Friday, 21 October 2011

Predictability of stock returns : Using runs.test()

Financial market is interesting place, you find people taking positions (buying/selling) based on their expectations of what the security prices would be and are rewarded/penalized according to the accuracy of their expectations. The beauty of financial markets is that it provides a platform for everyone to come in with their respective expectations and allows them to interact and exchange securities. I emphasize on everyone because this everyone includes a auto-rickshaw driver, a clerk and also sophisticated econometricians and analysts. An obvious point then is that if your expectations are consistently correct, i.e you can predict the price movements before it happens on the exchange, you are a rich man. Assuming for all practical purposes that there is no oracle in our universe, who can do these predictions with 100% accuracy, the job of this prediction rests upon an econometrician/statistician. Lets see if they can do a good job too.

I took the stock returns data for INFOSYS (INFY on NSE) for the past one year and tried to see if I could make this data confess its underlying linear/non-linear generating process. I started by employing a rather simple, straight forward and easy to interpret Runs test. Its a non-parametric statistical test that will test the null hypothesis of whether the underlying series is identical and independent distributed. For those who are not too familiar with statistical parlance, non-parametric in simple term means that we have to make no assumptions about what  the underlying data should be like. There is a huge surge in the applications of non-parametric statistics to explain various processes, this is because the biggest deterrence to conducting these kinds of tests, i.e the computational issues, are no longer a problem in this generation of rapid computation. The idea of empirical analysis is about trying to theorize a null hypothesis and then try your best to bring it down using empirical evidence. (analogous to Karl Popper's idea of falsification of a theory, you hang on to a theory so long as it has not betrayed you yet)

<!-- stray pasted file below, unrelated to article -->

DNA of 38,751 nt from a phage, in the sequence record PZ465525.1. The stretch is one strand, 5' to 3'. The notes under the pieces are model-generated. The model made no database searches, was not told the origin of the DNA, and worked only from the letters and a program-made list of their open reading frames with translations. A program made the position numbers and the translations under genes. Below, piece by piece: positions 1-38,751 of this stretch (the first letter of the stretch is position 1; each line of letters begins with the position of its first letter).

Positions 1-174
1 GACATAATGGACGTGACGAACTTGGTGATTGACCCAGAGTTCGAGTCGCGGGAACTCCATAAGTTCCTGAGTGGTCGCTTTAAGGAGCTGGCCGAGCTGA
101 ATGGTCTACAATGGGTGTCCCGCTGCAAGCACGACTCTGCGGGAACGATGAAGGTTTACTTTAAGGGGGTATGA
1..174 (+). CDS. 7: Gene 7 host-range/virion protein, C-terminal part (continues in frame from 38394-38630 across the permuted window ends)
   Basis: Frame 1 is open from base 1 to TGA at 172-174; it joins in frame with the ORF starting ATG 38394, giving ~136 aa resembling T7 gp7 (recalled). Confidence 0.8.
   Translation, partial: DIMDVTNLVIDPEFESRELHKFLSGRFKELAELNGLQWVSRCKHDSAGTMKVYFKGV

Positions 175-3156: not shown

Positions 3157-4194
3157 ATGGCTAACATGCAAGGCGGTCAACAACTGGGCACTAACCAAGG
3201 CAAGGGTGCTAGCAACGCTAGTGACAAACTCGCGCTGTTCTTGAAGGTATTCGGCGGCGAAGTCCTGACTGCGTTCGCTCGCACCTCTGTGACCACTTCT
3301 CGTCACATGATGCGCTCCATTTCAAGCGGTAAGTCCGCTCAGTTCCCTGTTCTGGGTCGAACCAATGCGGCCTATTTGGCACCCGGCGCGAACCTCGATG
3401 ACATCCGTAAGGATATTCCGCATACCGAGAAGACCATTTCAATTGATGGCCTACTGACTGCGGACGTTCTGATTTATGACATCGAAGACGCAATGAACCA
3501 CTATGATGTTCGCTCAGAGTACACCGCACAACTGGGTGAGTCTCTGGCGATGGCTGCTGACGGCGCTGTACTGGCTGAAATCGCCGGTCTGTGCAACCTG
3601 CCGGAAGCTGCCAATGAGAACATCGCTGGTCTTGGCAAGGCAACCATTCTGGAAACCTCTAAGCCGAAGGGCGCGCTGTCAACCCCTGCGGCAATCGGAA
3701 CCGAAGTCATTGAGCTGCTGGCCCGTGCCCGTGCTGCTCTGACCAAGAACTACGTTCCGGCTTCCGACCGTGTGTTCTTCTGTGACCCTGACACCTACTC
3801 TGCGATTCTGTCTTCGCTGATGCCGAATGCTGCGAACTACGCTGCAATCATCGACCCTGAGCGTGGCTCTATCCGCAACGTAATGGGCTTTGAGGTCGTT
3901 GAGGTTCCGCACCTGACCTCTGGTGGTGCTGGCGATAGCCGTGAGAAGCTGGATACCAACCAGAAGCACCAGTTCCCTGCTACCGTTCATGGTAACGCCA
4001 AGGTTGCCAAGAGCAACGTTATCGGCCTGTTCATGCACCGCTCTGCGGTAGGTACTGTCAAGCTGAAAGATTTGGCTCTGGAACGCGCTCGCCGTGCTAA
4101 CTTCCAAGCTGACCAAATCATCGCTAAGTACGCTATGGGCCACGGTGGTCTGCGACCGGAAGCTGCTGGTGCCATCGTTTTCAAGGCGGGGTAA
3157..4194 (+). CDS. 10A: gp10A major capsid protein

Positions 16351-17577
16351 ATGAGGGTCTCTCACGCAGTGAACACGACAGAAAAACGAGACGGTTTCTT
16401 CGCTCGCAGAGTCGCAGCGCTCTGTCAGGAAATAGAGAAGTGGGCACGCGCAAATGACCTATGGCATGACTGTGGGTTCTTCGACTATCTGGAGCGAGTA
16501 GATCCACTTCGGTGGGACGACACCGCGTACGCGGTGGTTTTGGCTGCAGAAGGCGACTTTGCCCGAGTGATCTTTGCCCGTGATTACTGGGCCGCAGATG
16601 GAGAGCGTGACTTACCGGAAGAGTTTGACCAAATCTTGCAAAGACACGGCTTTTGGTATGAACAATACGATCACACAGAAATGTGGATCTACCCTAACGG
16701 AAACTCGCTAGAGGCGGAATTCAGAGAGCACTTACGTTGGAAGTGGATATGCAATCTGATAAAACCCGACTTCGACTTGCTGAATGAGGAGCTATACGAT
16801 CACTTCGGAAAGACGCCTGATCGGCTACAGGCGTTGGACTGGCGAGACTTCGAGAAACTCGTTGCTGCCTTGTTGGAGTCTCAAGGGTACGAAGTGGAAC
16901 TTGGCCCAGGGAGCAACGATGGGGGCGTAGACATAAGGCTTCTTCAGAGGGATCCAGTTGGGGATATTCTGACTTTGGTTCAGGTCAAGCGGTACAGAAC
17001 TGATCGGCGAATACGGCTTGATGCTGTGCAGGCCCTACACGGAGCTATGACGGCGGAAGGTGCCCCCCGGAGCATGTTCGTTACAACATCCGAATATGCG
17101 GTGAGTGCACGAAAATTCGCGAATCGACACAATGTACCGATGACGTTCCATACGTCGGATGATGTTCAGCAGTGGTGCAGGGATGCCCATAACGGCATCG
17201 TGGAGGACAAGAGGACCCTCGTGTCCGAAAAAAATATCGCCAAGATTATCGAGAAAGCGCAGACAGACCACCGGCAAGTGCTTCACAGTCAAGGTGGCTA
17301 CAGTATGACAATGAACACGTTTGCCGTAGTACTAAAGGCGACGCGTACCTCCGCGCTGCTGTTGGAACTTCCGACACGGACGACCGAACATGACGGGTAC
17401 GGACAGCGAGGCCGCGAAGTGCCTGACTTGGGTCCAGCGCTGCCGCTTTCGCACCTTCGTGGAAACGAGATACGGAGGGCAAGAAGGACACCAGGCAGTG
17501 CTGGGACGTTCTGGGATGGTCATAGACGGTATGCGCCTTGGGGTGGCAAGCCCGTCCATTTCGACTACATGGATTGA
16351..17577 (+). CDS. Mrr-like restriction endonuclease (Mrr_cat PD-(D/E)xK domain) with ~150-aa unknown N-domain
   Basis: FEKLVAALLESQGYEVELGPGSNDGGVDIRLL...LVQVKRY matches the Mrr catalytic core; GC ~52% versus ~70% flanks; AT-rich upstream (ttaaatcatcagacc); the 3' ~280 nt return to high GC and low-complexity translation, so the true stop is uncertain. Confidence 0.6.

## Doing runs test on INFY daily returns
> infy <- read.csv("01-10-2010-TO-01-10-2011INFYEQN.csv")  ## Reading the stock price data


> infy_ret <- 100*diff(log(infy[,2])) ## Since the second column in the data has the stock prices I have used [log(Pt) - log(Pt-1)]*100 as the returns.
  
> runs.test(factor(infy_ret > 0))   ## what this has done is that it has created a category variable that takes value 1 of infy_ret > 0 and 0 otherwise. 

What this does is that tells me whether the runs of the returns are predictable, i.e say if I represent possitive return by + and negative return by - then my series of returns would probably look like +,+,-, +, -, -, -, +, ...
now that this test check is can I predict whether the next day will have  + or  -


Output:
Runs Test
data: factor(infy_ret > 0)
Standard Normal = 0.1308, p-value = 0.8959  ## High p-value means you cannot trash your null hypothesis. 

For those not familiar with statistics, the p-value is nothing but the probability of you reject a null hypothesis when it is actually true. So in simple words it gives me the probability that I might end up rejecting a correct null hypothesis. (be very careful with the interpretation of p-value, many times people end up misunderstanding it,  many a times even I have fallen prey to this). Therefore you cannot reject your null hypothesis under such a high probability of committing this error or wrongly rejecting a correct hypothesis , you just don't have enough evidence. Therefore your series is a random walk (you can understand this in the literal English language sense, but the definition is not so trivial in time series parlance).

P.S In case you want to replicate this exercise the data can be obtained from here.

5 comments:

  1. Interesting post, but:
    The p value is not "the probability of [rejecting] a null hypothesis when it is actually true"

    ...It is the probability of obtaining the data assuming the null hypothesis is true.

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  2. Dear Anonymous,

    I think that the statement in the post meant

    you cannot reject your null hypothesis under such a high probability of obtaining the test statistic as extreme as for this data


    This was paraphrased as committing an error [by assuming that the test-statistic is unlikely].